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Thursday, September 28, 2017

Howard Hersh, Dancing at the Pink House

Howard Hersh is a composer with lots of ideas, inventiveness, and an open stance as to how to position stylistically. I reviewed and loved his album of keyboard music, Angels and Watermarks (see post of March 27, 2015). The Piano Concerto showed him to be very adept and original in his "post" approach to long form, and the solo harpsichord works gave us a more intimate view.

Now we get a lot more music on the strictly chamber side of the coin, Dancing at the Pink House (Snow Leopard Music 201). The five compositions all show Hersh off as a musical poet not satisfied to remain in place, but ever to move forward.

"Madame's Tavern" (2014) opens the program with Mary Rowell on violin playing against a "phantom choir" of 15 pre-recorded violins. It is a sort of mini-concerto with a wealth of inventive signposts in a continually moving matrix both expressive and beautiful in a sometimes relatively hard-edged yet evocative manner. It leaves an impression of a lively musical mind, restless but elated.

"Loop" (2006) pits cello, piano and vibraphone in a mysterious, ostinato based blend that opens up another vista and breaks through to it with a forceful, then gentle plein air traversal. It is a landscape we simultaneously sense an uncanny deja vu with but then find much that rejuvenates our living within it. A ravishing work.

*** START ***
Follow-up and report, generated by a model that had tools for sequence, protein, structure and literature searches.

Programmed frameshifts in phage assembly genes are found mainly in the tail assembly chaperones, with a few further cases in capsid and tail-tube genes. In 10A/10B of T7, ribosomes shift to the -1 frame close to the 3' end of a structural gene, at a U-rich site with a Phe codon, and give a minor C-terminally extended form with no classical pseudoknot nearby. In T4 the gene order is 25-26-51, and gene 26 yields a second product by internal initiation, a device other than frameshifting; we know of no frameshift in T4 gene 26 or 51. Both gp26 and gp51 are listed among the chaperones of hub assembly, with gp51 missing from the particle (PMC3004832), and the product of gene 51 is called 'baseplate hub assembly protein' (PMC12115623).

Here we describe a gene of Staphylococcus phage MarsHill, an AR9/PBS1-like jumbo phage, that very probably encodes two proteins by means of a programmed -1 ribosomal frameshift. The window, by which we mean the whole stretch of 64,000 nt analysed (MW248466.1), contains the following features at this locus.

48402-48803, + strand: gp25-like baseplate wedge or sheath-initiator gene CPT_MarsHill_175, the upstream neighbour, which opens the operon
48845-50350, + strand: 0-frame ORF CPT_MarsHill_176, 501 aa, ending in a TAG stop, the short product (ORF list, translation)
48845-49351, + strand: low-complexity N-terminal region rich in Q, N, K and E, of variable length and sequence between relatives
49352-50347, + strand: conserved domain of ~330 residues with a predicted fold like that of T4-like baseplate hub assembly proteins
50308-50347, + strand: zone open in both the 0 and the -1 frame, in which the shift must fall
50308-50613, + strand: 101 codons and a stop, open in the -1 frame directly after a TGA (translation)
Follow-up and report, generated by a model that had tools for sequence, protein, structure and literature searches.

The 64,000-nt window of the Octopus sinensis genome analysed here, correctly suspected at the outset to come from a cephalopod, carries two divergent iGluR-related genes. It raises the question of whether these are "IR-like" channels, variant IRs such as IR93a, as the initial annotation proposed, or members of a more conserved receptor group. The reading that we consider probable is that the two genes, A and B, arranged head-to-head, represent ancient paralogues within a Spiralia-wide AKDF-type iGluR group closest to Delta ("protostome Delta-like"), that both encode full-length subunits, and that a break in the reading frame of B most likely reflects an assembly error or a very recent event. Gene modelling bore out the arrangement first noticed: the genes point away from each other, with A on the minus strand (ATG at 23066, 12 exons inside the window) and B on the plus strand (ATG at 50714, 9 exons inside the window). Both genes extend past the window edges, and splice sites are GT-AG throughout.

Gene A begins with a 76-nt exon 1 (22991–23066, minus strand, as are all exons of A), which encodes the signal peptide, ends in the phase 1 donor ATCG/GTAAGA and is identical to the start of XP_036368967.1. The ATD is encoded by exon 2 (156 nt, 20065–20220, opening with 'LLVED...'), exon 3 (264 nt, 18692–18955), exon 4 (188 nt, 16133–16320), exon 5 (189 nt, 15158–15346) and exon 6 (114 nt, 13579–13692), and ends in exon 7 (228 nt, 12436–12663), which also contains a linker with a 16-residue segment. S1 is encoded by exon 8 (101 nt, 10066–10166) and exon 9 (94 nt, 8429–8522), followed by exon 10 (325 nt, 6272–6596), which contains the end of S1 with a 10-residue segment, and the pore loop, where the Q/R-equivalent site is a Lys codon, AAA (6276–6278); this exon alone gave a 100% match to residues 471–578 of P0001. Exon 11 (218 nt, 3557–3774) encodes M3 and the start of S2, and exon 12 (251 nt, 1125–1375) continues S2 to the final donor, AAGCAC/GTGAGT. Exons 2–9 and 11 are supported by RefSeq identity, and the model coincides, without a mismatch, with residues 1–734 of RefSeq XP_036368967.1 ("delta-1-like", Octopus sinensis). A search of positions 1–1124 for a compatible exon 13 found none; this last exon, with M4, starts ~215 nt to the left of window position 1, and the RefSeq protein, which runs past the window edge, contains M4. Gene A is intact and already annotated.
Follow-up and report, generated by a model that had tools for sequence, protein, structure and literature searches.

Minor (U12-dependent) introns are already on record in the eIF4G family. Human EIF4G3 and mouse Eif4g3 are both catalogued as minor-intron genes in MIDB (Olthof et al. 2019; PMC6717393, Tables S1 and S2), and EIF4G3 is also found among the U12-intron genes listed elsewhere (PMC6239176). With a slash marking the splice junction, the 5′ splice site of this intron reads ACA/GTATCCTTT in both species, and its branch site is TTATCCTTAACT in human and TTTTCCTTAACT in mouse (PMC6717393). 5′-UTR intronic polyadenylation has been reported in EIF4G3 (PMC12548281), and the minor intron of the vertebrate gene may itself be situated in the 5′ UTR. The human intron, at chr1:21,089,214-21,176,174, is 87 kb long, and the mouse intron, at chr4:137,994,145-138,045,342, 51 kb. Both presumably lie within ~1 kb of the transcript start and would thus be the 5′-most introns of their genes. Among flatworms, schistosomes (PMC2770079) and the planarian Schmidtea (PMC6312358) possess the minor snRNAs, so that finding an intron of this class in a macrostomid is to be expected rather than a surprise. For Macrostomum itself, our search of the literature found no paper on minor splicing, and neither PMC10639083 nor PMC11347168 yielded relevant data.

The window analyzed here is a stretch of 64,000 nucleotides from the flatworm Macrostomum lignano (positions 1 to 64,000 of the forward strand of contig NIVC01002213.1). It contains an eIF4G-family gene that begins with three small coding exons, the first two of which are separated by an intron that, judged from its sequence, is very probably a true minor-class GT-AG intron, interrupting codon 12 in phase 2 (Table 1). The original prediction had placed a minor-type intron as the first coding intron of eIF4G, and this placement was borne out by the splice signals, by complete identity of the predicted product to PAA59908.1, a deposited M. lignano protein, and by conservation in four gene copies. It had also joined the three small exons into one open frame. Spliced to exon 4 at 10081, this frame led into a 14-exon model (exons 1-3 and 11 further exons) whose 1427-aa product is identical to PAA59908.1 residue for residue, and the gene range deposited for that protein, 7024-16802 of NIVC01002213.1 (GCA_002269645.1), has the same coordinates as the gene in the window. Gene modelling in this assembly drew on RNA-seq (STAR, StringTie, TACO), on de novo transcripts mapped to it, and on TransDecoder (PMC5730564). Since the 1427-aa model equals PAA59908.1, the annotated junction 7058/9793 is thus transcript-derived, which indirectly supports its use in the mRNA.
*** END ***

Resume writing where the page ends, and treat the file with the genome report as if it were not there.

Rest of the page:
"I Love You, Billy Danger" (2012) gives us 12 minutes of solo piano music. It is a sort of aural tongue-twister with a dashingly bold modernistic flourish to it. This is quite involved and difficult to play pianism which Brenda Tom tackles heroically and effectively (as she so capably and brilliantly did on Howard's last album). It rolls forward inexorably and memorably, then abruptly hushes, only to pose a series of quiet questions, all of which have emphatic answers. Then gradually the question itself becomes the answer as it morphs into full thematic flower and onwards from there.

"Night" (2013) takes us into trio territory again, this time with clarinet, marimba and percussion. The clarinet part projects outward in a sort of post-Gershwin jazzy way. The marimba puts down a mobile wooden flooring of sorts that enables the clarinet to bound forward. The percussion subtly punctuates and colors. Momentum takes a hold with a more rhythmically vibrant marimba part that then opens up to quieter realms again.

"Dancing at the Pink House" (2006) deserves its title status with clarinet-piano folk-modern-vernacular expressions with a quietly driving motility of a dance-like sort. Ultimately the dance calms and opens up to a more lyrical introspection, ultimately to return to the motion of body-in-movement,  and in the end to take on a quotation from "America the Beautiful." Unforgettable, this is.

And that is the whole of it, or as much as I can touch upon in this framework. It is music that holds a place in your musical memory as something with a very personal, original fingerprint. It is music that continually underscores its presence in the contemporary United States, yet transcends that rootedness too with a music anyone can appreciate who has the ear to do so.

Very worthwhile! Hersh is a voice.

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